British actor Ncuti Gatwa, known for his role in popular series "Sex Education" will be the first Black actor to play the leading role in the cult BBC science fiction series, "Doctor Who", the channel announced Sunday.
The Rwandan-born Scottish actor, 29, will become the 14th incarnation of the Time Lord from 2023 as the series celebrates its 60th anniversary.
He takes over from British actress Jodie Whittaker, who was the first woman to play character known as "The Doctor" in the show.
"It feels really amazing. It's a true honour. This role is an institution and it's so iconic," Gatwa told BBC News.
"I feel very grateful to have had the baton handed over and I'm going to try to do my best," he added.
The adventures of the doctor -- a time travelling, humanoid alien who traverses the universe -- have maintained a loyal following since they were first aired in 1963.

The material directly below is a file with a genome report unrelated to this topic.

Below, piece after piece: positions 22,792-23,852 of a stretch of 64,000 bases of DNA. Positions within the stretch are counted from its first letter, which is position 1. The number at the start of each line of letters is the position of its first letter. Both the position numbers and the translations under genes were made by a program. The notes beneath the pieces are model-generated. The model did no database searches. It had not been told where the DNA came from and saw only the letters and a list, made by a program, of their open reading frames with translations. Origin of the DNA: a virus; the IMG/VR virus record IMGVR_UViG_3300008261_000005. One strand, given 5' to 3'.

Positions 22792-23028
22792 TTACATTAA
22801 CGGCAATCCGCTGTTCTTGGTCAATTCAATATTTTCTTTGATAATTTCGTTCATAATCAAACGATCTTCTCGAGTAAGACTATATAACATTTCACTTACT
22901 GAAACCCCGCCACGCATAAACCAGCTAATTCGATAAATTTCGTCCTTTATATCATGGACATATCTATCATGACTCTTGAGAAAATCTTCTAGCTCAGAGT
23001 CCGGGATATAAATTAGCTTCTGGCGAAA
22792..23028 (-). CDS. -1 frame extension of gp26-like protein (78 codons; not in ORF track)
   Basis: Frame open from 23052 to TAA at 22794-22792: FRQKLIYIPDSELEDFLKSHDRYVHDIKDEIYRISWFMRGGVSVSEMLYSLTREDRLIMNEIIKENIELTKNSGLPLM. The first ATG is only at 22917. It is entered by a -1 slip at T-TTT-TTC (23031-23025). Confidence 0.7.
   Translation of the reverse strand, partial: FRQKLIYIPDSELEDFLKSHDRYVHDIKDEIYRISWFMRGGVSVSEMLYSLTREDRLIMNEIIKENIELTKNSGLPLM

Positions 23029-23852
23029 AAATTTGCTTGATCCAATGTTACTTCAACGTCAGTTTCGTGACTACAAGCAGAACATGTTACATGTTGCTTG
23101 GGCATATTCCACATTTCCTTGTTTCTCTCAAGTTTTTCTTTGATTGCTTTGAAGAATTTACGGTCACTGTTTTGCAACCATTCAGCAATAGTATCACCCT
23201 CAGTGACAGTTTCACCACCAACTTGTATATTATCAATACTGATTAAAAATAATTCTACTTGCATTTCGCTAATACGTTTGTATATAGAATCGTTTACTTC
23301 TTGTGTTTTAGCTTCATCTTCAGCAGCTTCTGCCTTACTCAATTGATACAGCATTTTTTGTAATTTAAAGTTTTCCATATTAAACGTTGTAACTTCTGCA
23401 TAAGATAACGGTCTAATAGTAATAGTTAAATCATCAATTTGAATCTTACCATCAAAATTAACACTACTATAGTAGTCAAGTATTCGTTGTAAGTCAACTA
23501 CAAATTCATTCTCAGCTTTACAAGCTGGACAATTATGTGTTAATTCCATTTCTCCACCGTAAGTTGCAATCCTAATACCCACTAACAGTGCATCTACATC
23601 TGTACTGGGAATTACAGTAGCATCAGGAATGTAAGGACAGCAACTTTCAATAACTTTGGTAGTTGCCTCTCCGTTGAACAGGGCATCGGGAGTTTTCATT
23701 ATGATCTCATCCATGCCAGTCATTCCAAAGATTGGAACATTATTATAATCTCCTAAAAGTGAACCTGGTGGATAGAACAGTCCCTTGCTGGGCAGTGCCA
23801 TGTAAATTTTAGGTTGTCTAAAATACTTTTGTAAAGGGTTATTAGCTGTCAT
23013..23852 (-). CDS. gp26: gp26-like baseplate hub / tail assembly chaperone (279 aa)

Gatwa will work alongside screenwriter and producer Russell T Davies, creator of the series "It's a Sin", hugely popular in the UK.
It is a return for Davies, who stepped down as executive producer of the show in 2008 after he relaunched the series in 2005.
Whittaker took on the role in 2017 from Scottish actor Peter Capaldi, best known for playing a foul-mouthed spin doctor in the BBC satire "The Thick Of It".
She announced she would leave the role in July 2021.